Professional film reviewers are generally quick to compare this picture to the works of director Alfred Hitchcock, but there are also notable elements of noir and pulp here, too. I can’t help but feel that the aforementioned pulpy aspects threw some critics, who may have expected something a bit more grounded, for a loop. Anyway, this flick’s paranoid thriller style is supremely foreboding and sinister.

With its high-impact imagery and tense musical choices (collected by Robbie Robertson of The Band fame), Shutter Island is gripping from the start and never lets up. It starts off mysterious and uneasy before building up to fever dream-like ferocity. Some audience members have found some of the production’s plot points to be predictable, but I think that it’s just as much about the journey as it is about the destination in this case.

This feature got a divisive reaction, and I happen to fall on the side believing that it’s a superb piece of suspense and psychological terror. Its plot is alluring and the pacing is swift enough to keep the viewer from questioning some of its potential excesses. For fans of trippy cinema that messes with your head while remaining somewhat mainstream (we’re not talking Un Chien Andalou [1929] levels of nuttiness here), this is an easy one to recommend.

My rating is 8 outta 10.

A Beautiful Day in the Neighborhood (2019) Review

Director: Marielle Heller

Genre(s): Biography, Drama

Runtime: 109 minutes

MPAA Rating: PG

IMDb Page

I can still remember what it was like when it was announced that Tom Hanks was cast as Fred Rogers in a movie. Everyone on the Internet seemed to agree that this was the casting decision of the century. The film itself is about cynical reporter Lloyd Vogel (Matthew Rhys), who’s assigned to interview children’s television show host Mr. Rogers (the aforementioned Tom Hanks). Although I have deemed this a “Biography” picture for categorization purposes, this is not a rote biopic of the legendary nice guy.

Some may be surprised to find out that Mr. Rogers is a bit of a supporting character in his own movie. It probably shouldn’t be too much of a shock, since film thrives on conflict, and how are you supposed to make an audience feel uncomfortable if the entire flick is about calm Mr. Rogers running a T.V. program? The primary focus here is on Matthew Rhys’ journalist character, who has some serious father issues to work out.

A Beautiful Day in the Neighborhood avoids the trap of being too cutesy by focusing on some heavy themes. Well, yes, there is some adorable content here, like Mr. Rogers’ puppets, but this is also a picture about death, forgiveness, misanthropy, fear, and anger. It’s not exactly your typical family film, but it will surely resonate with the older members of the audience.

Tom Hanks’ Fred Rogers might be a hair quirkier than the real person, but it’s still a splendid performance. It’s a fantastic feature, overall, never once losing me, despite I being the type of moviegoer who prefers shootouts, explosions, and car chases. I’m definitely not the first person to say this, but A Beautiful Day in the Neighborhood is one of those rare movies that comes along that makes you want to be a better person.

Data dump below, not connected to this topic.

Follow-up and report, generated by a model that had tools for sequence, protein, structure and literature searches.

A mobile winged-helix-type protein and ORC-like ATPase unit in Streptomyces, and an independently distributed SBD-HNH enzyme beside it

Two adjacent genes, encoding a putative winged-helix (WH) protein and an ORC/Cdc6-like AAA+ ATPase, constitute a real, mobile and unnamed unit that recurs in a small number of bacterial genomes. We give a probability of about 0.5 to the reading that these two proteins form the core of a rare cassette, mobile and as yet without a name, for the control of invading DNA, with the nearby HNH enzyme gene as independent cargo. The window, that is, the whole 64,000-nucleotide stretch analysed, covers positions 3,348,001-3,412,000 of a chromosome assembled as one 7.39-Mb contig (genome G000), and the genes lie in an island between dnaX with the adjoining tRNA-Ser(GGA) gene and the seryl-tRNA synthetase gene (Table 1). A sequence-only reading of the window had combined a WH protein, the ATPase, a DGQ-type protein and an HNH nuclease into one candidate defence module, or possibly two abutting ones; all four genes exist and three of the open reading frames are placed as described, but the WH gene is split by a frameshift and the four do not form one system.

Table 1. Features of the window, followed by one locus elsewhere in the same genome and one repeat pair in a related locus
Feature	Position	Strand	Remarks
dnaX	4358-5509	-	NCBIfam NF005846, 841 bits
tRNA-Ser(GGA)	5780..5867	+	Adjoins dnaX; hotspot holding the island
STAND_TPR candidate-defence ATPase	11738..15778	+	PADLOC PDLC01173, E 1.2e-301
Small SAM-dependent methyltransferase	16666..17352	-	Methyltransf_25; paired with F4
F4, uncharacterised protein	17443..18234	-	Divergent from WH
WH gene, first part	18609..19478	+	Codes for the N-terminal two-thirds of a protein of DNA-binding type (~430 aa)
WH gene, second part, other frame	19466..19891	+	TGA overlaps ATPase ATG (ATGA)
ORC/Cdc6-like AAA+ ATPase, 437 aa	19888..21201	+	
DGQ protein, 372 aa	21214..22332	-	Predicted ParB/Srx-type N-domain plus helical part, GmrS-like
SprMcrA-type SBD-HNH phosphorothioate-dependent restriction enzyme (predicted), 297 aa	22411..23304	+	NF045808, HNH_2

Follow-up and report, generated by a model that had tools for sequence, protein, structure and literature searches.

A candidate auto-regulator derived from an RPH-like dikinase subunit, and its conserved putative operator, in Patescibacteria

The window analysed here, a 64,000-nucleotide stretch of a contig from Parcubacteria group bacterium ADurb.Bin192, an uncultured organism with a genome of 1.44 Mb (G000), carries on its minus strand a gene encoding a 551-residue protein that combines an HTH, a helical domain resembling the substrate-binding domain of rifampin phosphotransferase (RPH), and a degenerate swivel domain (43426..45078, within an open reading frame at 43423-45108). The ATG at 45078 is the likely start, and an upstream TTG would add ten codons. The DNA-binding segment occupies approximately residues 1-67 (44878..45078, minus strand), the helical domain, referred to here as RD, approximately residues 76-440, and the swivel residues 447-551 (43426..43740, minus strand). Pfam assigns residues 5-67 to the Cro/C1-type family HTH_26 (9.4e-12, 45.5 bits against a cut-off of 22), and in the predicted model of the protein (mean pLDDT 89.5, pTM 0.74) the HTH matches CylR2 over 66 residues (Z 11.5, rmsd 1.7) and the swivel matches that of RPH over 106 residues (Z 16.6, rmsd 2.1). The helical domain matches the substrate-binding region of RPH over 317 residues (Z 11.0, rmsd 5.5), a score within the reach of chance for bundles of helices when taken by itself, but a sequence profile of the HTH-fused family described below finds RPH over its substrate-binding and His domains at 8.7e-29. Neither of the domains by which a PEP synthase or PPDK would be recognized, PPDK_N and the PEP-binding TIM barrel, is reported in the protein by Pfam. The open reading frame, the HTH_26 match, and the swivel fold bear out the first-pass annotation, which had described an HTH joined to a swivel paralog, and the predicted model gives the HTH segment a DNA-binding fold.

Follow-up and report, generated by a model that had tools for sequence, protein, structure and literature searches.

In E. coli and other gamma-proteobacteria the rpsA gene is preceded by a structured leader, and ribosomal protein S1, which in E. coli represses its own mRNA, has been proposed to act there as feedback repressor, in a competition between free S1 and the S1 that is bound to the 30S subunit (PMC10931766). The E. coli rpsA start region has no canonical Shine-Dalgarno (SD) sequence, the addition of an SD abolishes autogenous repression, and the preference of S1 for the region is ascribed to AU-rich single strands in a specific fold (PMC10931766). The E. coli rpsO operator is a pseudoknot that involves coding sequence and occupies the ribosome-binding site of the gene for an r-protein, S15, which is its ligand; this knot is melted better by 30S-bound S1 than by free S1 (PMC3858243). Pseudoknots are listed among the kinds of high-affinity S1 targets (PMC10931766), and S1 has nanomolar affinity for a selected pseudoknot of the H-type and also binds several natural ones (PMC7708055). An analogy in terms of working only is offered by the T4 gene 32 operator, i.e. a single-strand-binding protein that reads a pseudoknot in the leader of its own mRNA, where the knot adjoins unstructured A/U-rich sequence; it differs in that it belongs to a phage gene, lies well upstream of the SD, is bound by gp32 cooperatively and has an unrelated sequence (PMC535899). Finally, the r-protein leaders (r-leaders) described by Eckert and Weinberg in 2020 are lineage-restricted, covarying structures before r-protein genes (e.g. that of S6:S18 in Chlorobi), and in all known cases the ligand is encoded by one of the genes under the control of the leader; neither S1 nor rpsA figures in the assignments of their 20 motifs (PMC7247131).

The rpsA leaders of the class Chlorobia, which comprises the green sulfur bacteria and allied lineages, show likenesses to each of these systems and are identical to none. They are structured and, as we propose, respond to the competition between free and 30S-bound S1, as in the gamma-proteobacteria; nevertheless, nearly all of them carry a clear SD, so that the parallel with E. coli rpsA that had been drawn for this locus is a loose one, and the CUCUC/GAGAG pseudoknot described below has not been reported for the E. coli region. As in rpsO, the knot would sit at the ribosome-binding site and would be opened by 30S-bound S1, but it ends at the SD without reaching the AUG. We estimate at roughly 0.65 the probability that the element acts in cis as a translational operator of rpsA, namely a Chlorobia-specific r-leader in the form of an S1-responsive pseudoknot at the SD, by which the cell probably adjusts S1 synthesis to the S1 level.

My rating is 8 outta 10.

Blinded by the Light (2019) Review

Director: Gurinder Chadha

Genre(s): Comedy, Drama, Musical

Runtime: 118 minutes

MPAA Rating: PG-13

IMDb Page

Blinded by the Light is a film about the music of Bruce Springsteen, but this is no rock star biopic. Instead, it follows Javed Khan (Viveik Kalra), the son of Pakistani immigrants living in Great Britain in the 1980s, who discovers the music of “the Boss” to help him cope with his chaotic life. Based on a true story, this is a euphoric movie that wears its heart on its sleeve.

This dramedy covers more than just classic rock, of course. It’s a coming-of-age story that tackles the issues of intergenerational conflict, prejudice, hero worship, and the role of family. It’s refreshingly earnest and some are bound to find it cheesy in its emotional directness and lack of subtlety. I, however, found the flick’s child-like enthusiasm infectious and charming.

Almost needless to say, there’s plenty of Bruce Springseen music in this feature to rock out to. Most of the biggies are here, like “Born in the U.S.A.,” “Born to Run,” “Dancing in the Dark,” “Prove It All Night,” and, obviously, “Blinded by the Light.” I was surprised to hear “Because the Night,” a song originally written by Bruce for the Patti Smith Group (it’s the Springsteen version that plays here). Even if you’re not familiar with the works of the New Jersey rocker at its center, you’ll still probably enjoy the picture.

Blinded by the Light is the kind of positive movie that’s not reliant on sex or violence that many people lament aren’t being made anymore. It’s a feel-good flick for sure, but it still shows a few glimpses of the darker side of humanity that must be overcome by our unassuming hero. It’s a focused work of cinema that succeeds without leaning too much on the Springsteen music that inspired it. It’s just a good story.

My rating is 8 outta 10.